PLAYBILL ON OPENING NIGHT: Gem of the Ocean: A Rough Crossing to a Safe Harbor

By Harry Haun
07 Dec 2004

Rashad's Svengali is Kenny Leon, who directed her here and in Raisin as well as in Medea, Everybody's Ruby and Blue. "It's called trust," said Leon when what the secret word was for their mutual success. "It's tremendous to get a chance to work with her."

And that goes for Wilson, too, he said. "We don't have very many new American plays on Broadway. Gem of the Ocean is a great American play by a great writer. The poetry is there, the mysticism, the historical context, the politics, the love. It has been exciting for both of us to work on this. It's been the most fun I've had working on a play in a while."

Ruben Santiago-Hudson, manfully embracing the dastardly landlord villainy, comes on with the same hurricane of charisma that won him a Tony for Wilson's Seven Guitars. "I come to blow the doors down," he said. "It feels great. Anytime you get a chance to put August Wilson's words in your mouth, it's a great feeling as an actor because his poetry, his language, his rhythms are so beautiful. When you get that opportunity, you take it."

Of late, Santiago-Hudson has been making his own poetry/language/rhythms, expanding his autobiographical one-man show, Lackawanna Blues, into a full-blown screenplay with 31 characters, all directed by The Public's exiting George C. Wolfe for HBO airing in February. "George told me I have arrived as a screenwriter. I'm going to trust him and continue to write." He may have written S. Epatha Merkerson, herself a Wilson veteran (The Piano Lesson), an Emmy ticket via the role of the grandmother who raised him.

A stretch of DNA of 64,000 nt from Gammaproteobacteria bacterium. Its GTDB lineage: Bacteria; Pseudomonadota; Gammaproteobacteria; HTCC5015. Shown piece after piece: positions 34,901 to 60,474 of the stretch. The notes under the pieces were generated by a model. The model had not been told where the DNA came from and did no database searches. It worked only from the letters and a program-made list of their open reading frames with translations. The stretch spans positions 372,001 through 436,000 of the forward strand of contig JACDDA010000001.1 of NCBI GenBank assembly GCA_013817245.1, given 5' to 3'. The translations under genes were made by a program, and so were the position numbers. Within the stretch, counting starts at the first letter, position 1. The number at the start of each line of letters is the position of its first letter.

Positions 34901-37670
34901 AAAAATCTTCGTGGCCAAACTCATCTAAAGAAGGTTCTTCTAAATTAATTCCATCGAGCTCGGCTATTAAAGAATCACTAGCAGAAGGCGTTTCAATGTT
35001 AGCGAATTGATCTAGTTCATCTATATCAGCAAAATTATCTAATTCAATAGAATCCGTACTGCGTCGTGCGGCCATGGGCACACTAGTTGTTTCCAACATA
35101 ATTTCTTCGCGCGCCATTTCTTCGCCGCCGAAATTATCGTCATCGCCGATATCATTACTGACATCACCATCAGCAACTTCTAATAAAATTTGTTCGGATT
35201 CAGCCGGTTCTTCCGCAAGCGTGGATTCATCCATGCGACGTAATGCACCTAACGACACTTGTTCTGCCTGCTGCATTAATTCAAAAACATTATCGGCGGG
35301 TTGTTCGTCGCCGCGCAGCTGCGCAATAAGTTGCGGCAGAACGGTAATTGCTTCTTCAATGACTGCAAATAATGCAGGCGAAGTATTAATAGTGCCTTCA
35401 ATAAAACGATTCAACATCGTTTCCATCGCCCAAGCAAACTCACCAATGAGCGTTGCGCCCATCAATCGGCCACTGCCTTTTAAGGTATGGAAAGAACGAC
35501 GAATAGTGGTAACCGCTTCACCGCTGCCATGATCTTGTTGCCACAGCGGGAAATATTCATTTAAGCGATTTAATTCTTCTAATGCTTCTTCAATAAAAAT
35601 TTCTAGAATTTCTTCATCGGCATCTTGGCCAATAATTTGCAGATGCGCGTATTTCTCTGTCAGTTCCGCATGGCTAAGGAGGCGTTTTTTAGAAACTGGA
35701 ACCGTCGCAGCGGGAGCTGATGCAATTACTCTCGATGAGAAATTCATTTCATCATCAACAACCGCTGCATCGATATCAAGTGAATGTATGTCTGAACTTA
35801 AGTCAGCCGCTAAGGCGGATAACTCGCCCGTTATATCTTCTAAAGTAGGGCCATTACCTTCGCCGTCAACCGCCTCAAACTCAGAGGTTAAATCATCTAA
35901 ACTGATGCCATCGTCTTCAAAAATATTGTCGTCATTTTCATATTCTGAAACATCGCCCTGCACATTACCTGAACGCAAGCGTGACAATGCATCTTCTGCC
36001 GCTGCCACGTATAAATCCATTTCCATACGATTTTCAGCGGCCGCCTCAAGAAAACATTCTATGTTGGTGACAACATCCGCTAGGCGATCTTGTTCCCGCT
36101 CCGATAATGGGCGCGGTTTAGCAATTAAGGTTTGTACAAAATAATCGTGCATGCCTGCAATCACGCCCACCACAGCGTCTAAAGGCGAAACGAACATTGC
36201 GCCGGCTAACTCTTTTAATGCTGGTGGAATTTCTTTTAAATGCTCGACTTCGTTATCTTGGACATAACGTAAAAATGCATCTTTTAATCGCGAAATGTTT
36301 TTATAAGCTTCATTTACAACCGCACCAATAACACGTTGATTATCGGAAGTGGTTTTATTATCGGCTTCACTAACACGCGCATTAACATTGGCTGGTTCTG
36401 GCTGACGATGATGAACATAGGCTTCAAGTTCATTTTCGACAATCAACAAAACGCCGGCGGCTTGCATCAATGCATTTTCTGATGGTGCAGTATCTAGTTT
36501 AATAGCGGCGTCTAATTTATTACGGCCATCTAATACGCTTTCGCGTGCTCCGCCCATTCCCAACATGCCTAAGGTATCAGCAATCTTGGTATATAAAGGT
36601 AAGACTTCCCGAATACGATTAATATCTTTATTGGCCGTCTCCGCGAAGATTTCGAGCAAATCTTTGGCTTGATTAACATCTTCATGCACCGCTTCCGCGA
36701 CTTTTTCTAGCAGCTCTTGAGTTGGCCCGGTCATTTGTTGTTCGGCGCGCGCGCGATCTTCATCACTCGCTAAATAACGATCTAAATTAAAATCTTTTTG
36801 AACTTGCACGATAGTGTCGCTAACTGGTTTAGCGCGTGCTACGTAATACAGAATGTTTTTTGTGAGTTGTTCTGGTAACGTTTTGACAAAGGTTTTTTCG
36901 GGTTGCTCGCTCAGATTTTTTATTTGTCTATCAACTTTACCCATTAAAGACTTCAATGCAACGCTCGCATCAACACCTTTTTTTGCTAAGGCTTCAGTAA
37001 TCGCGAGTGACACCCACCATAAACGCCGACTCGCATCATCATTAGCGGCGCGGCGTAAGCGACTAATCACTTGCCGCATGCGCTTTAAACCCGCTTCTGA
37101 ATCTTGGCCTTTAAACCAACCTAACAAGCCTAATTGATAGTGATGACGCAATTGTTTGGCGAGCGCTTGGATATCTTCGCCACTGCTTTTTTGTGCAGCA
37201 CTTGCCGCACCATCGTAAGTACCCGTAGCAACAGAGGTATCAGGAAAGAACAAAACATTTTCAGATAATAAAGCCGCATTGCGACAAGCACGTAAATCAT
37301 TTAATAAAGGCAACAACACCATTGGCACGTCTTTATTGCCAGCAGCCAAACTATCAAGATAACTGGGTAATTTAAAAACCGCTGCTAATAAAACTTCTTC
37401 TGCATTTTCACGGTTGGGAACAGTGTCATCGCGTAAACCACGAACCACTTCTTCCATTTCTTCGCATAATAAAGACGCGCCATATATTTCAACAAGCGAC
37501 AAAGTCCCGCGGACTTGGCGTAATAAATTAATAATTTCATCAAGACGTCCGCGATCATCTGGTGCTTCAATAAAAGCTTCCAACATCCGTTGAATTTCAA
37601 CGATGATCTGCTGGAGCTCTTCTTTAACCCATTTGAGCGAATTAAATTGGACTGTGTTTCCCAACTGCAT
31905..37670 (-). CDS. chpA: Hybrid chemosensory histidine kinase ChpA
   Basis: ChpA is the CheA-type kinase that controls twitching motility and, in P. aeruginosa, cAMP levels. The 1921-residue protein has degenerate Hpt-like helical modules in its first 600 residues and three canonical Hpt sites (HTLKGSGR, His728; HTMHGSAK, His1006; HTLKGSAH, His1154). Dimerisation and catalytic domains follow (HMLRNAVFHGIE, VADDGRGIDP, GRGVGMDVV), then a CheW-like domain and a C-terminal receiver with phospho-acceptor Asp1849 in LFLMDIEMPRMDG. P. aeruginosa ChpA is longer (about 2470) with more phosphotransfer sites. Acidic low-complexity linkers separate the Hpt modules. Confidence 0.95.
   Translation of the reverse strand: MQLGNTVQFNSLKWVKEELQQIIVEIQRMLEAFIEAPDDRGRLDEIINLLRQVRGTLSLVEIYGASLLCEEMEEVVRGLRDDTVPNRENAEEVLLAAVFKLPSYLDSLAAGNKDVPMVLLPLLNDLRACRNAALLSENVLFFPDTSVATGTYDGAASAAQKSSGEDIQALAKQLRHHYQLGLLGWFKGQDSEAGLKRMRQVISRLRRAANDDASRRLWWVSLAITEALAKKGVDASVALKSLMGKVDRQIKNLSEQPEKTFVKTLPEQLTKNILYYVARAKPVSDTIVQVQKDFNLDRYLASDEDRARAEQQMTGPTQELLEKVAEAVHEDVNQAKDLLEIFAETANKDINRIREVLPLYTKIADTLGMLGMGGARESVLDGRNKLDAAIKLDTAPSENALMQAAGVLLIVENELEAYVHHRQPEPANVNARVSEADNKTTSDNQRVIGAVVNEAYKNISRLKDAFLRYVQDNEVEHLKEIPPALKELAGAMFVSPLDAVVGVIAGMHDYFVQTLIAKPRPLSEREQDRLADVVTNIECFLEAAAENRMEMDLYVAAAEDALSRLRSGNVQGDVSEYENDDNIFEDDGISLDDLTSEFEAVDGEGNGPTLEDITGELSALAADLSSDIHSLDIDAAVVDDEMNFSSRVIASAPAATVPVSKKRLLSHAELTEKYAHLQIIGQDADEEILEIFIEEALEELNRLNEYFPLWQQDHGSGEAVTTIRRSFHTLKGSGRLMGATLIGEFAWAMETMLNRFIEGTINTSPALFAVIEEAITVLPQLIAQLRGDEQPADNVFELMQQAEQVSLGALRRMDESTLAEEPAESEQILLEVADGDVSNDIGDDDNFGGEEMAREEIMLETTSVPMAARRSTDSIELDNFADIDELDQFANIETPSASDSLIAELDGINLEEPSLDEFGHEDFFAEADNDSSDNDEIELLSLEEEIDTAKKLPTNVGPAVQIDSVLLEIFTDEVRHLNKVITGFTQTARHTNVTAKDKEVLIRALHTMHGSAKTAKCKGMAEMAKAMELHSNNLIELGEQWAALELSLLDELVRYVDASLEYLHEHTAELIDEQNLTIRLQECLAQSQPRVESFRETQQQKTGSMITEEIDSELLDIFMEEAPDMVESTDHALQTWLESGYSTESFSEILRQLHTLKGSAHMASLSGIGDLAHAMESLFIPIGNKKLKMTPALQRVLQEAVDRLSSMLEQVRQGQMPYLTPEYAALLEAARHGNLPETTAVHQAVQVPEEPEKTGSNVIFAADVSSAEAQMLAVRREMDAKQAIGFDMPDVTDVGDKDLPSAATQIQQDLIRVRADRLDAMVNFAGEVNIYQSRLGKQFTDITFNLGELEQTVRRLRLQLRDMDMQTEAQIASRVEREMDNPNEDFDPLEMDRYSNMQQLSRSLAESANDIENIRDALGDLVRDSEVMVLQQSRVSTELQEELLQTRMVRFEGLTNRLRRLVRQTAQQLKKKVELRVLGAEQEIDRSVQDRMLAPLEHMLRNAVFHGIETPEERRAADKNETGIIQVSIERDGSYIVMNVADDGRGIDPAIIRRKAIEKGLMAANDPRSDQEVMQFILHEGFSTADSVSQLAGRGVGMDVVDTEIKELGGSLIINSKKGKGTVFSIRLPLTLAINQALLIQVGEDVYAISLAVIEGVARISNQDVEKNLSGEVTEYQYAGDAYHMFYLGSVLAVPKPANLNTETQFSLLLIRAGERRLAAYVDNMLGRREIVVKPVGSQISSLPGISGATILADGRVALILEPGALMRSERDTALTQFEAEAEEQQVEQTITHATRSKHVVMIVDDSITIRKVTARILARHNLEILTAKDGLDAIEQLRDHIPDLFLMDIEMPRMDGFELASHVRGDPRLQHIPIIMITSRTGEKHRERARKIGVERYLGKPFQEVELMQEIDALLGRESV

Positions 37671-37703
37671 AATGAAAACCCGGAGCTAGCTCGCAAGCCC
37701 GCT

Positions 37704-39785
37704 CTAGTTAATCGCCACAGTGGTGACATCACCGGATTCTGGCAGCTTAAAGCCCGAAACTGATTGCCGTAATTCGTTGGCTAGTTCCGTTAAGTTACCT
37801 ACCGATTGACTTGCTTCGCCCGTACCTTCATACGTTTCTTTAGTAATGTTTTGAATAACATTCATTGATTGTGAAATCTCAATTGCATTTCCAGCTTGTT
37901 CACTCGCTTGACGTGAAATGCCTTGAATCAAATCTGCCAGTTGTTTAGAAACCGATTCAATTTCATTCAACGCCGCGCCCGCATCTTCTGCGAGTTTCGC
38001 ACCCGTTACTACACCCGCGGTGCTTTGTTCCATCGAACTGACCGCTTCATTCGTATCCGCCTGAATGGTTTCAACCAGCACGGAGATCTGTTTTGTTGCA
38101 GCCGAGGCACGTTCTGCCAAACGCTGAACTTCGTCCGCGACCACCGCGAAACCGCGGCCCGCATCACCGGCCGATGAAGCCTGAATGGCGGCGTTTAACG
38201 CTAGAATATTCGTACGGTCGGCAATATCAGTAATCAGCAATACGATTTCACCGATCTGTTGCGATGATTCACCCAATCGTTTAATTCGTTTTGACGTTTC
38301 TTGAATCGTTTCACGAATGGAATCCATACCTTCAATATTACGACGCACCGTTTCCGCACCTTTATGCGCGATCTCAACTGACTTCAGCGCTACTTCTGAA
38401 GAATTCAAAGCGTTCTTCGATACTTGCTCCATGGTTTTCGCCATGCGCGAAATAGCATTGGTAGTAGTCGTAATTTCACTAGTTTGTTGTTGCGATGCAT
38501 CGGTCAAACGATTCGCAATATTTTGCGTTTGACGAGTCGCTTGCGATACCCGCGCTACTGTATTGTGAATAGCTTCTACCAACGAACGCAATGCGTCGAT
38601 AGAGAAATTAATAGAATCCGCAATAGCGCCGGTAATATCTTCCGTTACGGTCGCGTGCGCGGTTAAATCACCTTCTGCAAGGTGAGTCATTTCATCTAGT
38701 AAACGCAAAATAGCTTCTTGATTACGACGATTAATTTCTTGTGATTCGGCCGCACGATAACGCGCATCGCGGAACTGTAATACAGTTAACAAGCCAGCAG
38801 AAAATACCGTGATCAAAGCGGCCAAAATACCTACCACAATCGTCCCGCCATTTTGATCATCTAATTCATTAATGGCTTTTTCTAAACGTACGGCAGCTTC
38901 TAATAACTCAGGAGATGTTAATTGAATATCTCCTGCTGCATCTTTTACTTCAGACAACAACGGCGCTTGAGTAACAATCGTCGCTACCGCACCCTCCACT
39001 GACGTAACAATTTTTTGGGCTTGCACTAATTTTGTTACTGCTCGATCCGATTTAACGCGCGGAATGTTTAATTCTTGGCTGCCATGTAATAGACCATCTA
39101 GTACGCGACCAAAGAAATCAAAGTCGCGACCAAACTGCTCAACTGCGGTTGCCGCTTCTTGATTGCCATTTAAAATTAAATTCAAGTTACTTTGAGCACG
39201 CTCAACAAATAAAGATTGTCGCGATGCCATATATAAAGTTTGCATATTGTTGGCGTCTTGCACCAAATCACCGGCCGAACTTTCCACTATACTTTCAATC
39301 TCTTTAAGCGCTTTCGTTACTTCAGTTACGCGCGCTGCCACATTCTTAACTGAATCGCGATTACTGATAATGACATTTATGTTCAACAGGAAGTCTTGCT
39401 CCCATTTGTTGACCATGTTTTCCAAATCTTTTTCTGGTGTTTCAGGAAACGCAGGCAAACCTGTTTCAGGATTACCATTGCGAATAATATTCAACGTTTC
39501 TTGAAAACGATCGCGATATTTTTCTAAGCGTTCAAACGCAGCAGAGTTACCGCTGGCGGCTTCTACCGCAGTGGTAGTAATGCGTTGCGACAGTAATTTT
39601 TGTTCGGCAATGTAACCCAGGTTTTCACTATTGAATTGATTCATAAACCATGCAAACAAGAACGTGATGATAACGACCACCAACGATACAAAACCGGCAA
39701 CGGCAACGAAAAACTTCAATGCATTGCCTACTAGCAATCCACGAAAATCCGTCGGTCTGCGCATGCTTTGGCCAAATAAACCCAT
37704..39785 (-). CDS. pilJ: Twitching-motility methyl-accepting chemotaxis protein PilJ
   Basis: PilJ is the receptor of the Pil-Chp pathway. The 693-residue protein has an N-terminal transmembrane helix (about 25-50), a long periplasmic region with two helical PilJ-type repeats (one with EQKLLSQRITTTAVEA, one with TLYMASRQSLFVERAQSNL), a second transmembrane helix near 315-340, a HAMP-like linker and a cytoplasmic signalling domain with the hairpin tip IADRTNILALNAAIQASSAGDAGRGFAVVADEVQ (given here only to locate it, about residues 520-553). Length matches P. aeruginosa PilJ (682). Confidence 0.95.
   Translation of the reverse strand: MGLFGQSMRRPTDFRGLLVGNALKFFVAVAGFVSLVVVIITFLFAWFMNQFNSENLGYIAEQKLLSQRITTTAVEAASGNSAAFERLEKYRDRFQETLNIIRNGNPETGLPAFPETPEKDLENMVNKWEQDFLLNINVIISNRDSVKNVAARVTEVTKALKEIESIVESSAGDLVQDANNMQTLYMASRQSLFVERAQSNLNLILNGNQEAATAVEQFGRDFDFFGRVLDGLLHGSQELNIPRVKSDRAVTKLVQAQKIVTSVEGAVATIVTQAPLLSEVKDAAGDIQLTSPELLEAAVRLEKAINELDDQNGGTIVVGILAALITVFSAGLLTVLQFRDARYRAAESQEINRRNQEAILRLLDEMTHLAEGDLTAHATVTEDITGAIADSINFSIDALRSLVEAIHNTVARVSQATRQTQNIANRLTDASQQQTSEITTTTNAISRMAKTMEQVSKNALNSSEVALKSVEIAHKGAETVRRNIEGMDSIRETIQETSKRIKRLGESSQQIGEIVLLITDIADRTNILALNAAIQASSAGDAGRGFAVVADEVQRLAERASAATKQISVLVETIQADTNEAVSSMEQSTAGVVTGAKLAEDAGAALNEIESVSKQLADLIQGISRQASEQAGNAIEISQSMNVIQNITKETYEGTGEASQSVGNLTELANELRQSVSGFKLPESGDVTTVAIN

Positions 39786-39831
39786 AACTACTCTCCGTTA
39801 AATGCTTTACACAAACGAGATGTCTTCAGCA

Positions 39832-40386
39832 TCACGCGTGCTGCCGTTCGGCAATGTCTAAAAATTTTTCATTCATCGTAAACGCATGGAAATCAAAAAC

John Earl Jelks, who rates "introducing" billing here as a young firebrand in the making, admitted he felt extra heat about his debut. "Being the new kid on the block, I really felt I had to score," he confessed. "I felt like an astronaut who got blasted to the moon—or, better yet, I felt like I actually went to other planets and other places undiscovered."

In the older firebrand slot of Solly Two Kings, Anthony Chisholm performed with the precision of someone who'd been in a Wilson ensemble before—as indeed he has. "I've done five of his nine plays, three of them in New York," he beamed. "Every night, with this, it's different. It's bizarre music—music of the soul, the exchange of energies between us. I believe in having fun in your work, to give you a cushion. August gives me that."

Wilson could stand a cushion himself after this chaotic climb to Broadway. Finally freed of the rewriting, he is now turning to the arduous task of bringing his cycle to a close. The concluding chapter is called Radio Golf and reportedly takes place in Pittsburgh of 1999.

"It actually has a connection to Gem of the Ocean," said Wilson. "You're dealing with the grandson of the Caesar character, and the sons of Citizen Barlow (Jelks) and Black Mary (LisaGay Hamilton). They want to tear down Aunt Ester's house for redevelopment."

Benjamin Mordecai, Wilson's longtime producer, hopes for a reading in January.

Wilson tends to provide his actors with a lot to play so it wasn't surprising to find among the first-nighters some veterans from previous Wilson out pourings: Keith David (Seven Guitars), Courtney B. Vance (Fences) and Mrs. Vance, Angela Bassett (Joe Turner's Come and Gone), Stephen McKinley Henderson (Jitney) and Brian Stokes Mitchell (King Hedley II).

Stokes has a three-week gig coming up at Feinstein's at the Regency (Feb. 1 19) and South Pacific with Reba McEntire at Carnegie Hall in June, but otherwise is soft-pedaling his career (he supposedly turned down Dirty Rotten Scoundrels) so he can devote more time to being a father. His son was one yesterday, he grinned.

Not that it was a race, but Chisholm had him beat. At the opening was his grandson, four and a half months. Though not too critically bent yet, he seemed to like Granddad's work.